Tomorrow I start work at the London International Summer School at the University of Westminster, teaching a course on Celebrity Culture.
I’ve been doing this since 2008 – though I didn’t do it last year because Child no.3 was just a tiny squiggle and far too young to leave.
I absolutely love teaching this course and am delighted to be invited back to teach it. The students are young Americans and a joy to teach. It’s a dream job.
I’ve been looking back at the materials I prepared for the previous years and we’ll be covering similar ground. We look at Celebrity Death – Diana, Jade Goody (and I guess now Amy):
Celebrity Sex Tapes – yes, I did once make a programme called ‘Celebrity Sex Tapes Unwound – Celebrities and advertising; Reality TV; Celebrities and Politics – and so it goes.
When I first taught the course 4 years ago I was still very much in recovery from my job as a producer of celebrity based ‘list shows’. The formula was simple – get some minor celebs and get them to witter over a load of pre-selected clips. You might do a viewers’ vote to rank the clips into some sort of order – or you might not. Then you would pay a ‘celebrity’ to do a few pieces to camera to break up the clips/talking head soup. We got Joan Collins
to do one on ‘Bitchy Moments’ (I think) or was it Julian Clary?
I certainly filmed with both of them back in 2004 and thought they were both rather wonderful – although Joan Collins’ love of UKIP is a bit of a sticking point.
Gosh that is rather a long time ago; I was heavily pregnant with child no 1 at the time, which may explain the slight brain fog over the exact roles of our ‘celebrity presenters’.
Anyway, I digress. When I first started teaching on the Celebrity Culture Summer School I was still very much wearing my telly head. I’d been working with celebrities since my time at GMTV in the mid 90s and was totally immersed in the culture of ‘celebrity’. I saw the whole concept as harmless, a bit of fun, a game. Celebrity is something that brings us together, that gives us something to talk to our neighbours about. Who wants to talk about politics or religion (boring at best, contentious at worst) when you can talk about who ate the biggest plate of maggots on I’m A Celebrity? Or the fat one on The Only Way Is Essex?
Or Jordan’s latest boyfriend or poor tragic Chanelle or Chantelle or anyone else unfortunate enough to have stepped into the Big Brother House.
For me Celebrity Culture was about a common glue that bound us all together – a bit like football, or drinking tea or Top of the Pops in the 70s.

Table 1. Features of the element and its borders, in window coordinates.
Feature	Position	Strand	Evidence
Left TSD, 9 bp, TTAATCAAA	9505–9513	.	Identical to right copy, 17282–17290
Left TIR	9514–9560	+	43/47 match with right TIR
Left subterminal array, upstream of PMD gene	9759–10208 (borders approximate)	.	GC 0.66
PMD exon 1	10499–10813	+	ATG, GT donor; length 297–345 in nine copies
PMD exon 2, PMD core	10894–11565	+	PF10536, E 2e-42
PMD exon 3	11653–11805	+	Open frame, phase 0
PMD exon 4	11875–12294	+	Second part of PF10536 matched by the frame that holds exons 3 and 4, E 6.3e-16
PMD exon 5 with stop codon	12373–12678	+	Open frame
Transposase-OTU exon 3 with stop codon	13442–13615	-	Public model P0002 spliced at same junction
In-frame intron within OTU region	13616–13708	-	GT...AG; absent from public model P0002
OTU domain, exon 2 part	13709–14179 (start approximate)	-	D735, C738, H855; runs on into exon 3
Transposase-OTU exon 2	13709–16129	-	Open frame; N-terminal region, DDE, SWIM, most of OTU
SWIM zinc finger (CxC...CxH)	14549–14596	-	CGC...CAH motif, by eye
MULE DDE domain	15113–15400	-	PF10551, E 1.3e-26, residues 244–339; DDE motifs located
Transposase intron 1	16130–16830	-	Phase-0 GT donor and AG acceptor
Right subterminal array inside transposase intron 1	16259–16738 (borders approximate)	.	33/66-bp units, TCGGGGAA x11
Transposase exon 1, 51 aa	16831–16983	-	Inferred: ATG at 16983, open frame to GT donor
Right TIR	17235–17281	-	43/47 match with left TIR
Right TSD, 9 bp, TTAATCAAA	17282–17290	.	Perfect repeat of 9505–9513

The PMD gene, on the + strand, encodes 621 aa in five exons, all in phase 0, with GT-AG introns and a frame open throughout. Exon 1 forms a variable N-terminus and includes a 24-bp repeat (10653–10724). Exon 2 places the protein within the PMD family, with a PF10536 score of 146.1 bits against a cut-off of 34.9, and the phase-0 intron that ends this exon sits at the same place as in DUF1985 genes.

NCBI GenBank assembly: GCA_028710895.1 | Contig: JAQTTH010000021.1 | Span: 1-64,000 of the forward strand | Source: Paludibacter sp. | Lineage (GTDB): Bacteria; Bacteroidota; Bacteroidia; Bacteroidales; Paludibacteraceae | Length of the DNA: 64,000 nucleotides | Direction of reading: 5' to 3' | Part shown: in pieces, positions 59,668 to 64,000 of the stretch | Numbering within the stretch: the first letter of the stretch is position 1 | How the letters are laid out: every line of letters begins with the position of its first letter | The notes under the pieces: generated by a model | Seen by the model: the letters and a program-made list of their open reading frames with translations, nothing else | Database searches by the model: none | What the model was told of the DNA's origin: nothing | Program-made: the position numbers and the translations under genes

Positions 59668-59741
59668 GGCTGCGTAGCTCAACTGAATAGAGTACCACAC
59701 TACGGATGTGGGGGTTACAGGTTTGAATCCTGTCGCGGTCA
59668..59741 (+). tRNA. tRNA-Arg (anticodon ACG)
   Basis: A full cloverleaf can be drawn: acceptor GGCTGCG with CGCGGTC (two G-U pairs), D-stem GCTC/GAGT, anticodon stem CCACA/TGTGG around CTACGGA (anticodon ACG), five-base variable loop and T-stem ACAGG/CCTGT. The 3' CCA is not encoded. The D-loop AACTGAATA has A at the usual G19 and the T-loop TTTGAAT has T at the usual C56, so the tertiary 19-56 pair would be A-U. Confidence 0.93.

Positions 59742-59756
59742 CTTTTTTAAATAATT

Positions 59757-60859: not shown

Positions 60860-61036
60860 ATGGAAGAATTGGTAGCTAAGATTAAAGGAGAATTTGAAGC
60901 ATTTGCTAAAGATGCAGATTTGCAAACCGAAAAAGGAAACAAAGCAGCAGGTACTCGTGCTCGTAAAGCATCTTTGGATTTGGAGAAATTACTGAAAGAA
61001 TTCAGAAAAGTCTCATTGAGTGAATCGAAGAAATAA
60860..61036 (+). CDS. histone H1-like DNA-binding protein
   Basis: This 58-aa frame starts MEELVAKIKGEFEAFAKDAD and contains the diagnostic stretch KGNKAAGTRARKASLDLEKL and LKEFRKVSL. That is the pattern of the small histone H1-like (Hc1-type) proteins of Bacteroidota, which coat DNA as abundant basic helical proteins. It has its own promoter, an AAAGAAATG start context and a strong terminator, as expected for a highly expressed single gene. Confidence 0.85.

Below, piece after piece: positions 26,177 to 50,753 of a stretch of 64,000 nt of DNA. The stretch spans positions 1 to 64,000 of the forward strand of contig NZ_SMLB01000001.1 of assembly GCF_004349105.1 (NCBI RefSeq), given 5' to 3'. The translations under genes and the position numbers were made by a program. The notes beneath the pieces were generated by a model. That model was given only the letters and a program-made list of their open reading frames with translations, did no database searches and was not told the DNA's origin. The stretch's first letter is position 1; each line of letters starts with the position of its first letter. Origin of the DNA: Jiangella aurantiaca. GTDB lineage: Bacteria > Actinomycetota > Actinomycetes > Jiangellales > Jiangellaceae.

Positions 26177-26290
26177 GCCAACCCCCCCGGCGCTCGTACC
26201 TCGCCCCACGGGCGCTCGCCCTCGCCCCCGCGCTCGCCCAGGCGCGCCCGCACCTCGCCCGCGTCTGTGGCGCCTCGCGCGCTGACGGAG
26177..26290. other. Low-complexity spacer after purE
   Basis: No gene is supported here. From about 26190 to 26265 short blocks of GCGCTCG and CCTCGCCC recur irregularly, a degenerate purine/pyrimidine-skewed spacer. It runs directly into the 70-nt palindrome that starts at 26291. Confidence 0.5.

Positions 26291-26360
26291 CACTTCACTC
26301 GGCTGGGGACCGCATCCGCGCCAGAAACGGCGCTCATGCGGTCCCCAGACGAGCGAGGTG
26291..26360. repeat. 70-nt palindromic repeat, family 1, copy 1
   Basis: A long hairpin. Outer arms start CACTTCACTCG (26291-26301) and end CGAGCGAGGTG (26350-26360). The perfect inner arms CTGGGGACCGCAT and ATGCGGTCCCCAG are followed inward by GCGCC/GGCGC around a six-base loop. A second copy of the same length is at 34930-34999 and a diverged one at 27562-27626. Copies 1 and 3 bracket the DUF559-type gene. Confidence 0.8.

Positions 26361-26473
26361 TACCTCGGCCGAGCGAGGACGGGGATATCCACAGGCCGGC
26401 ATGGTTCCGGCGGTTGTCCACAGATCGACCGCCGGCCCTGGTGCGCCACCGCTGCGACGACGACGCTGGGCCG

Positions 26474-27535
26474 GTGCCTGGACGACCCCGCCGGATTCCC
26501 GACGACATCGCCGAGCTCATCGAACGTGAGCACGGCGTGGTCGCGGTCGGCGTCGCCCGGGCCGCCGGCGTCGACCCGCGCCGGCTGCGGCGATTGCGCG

Now I’m not too sure. Maybe it’s because I’m a little bit more political these days. Maybe it’s from reading a few more clever books. Maybe because I find watching telly a bit more of a pain than a pleasure these days.
57 channels and nothing on (to quote Bruce Springsteen).
I still love popular culture as much as I love politics, Kentish Town, sitting on buses or my own children. But maybe I’ve become a little bit more critical about the function of celebrity culture.
I remember watching Chris Atkins’s wonderful film Starsuckers
and being a little bit cynical about it. Atkins’s thesis is that celebrity culture is manufactured by big media owners like News Corp or Viacom or Time Warner to keep us stupid and stop us from concentrating on real news that actually matters. The real opiate of the people. We are so distracted by what’s going on in the Big Brother House or the losers on The Apprentice or which Karsdashian to keep up with that we ignore the things that really matter.
Like what politicians are doing. Or Rupert Murdoch. Or Goldman Sachs. Or the IMF.
Although I might once have doubted Atkins, I’m pretty much with him these days. Celebrity Culture is a circus to entertain us and stop us from scrutinising the behaviour of our rulers. It is white noise that stops us from looking at what’s really going on – whether it’s the fact that more and more of us are struggling to make ends meet or the fact that our governments are more interested in bailing out banks than they are in educating their citizens.
Pardon me if I sound like a scary old Trot here.
I also take issue with celebrity culture because it is all about individualism.
It worships – even sanctifies – individuals, divorcing them from any social or historical context. It refuses to give credit to the group, preferring to fetishize a few random characters, that for whatever reason are this week’s hot ticket.
I will freely admit that the creed of individualism has always spoken to me – we all like to think we’re special and I’m no exception. The very fact that I have called this blog reesesrants suggests a tendency towards self aggrandisement and rampaging egotism. But my more rational self tells me that the biggest gains are made through collective actions – the fact that we all have the vote is down to a Victorian terror of the mob and a few suffragettes chaining themselves to railings in the early years of the 20th century.
Props to you, Mrs Pankhurst.
But celebrity culture has no time for the collective; it’s all about how much you as an individual can grab for yourself. In this respect it is a reflection of the way our society has been organized.
The scariest thing of all is how much our politicians are in thrall to the values of celebrity. If you don’t believe me, look at President Obama on the Jimmy Fallon show
I suppose it could be worse. It could be David Cameron.
Night night x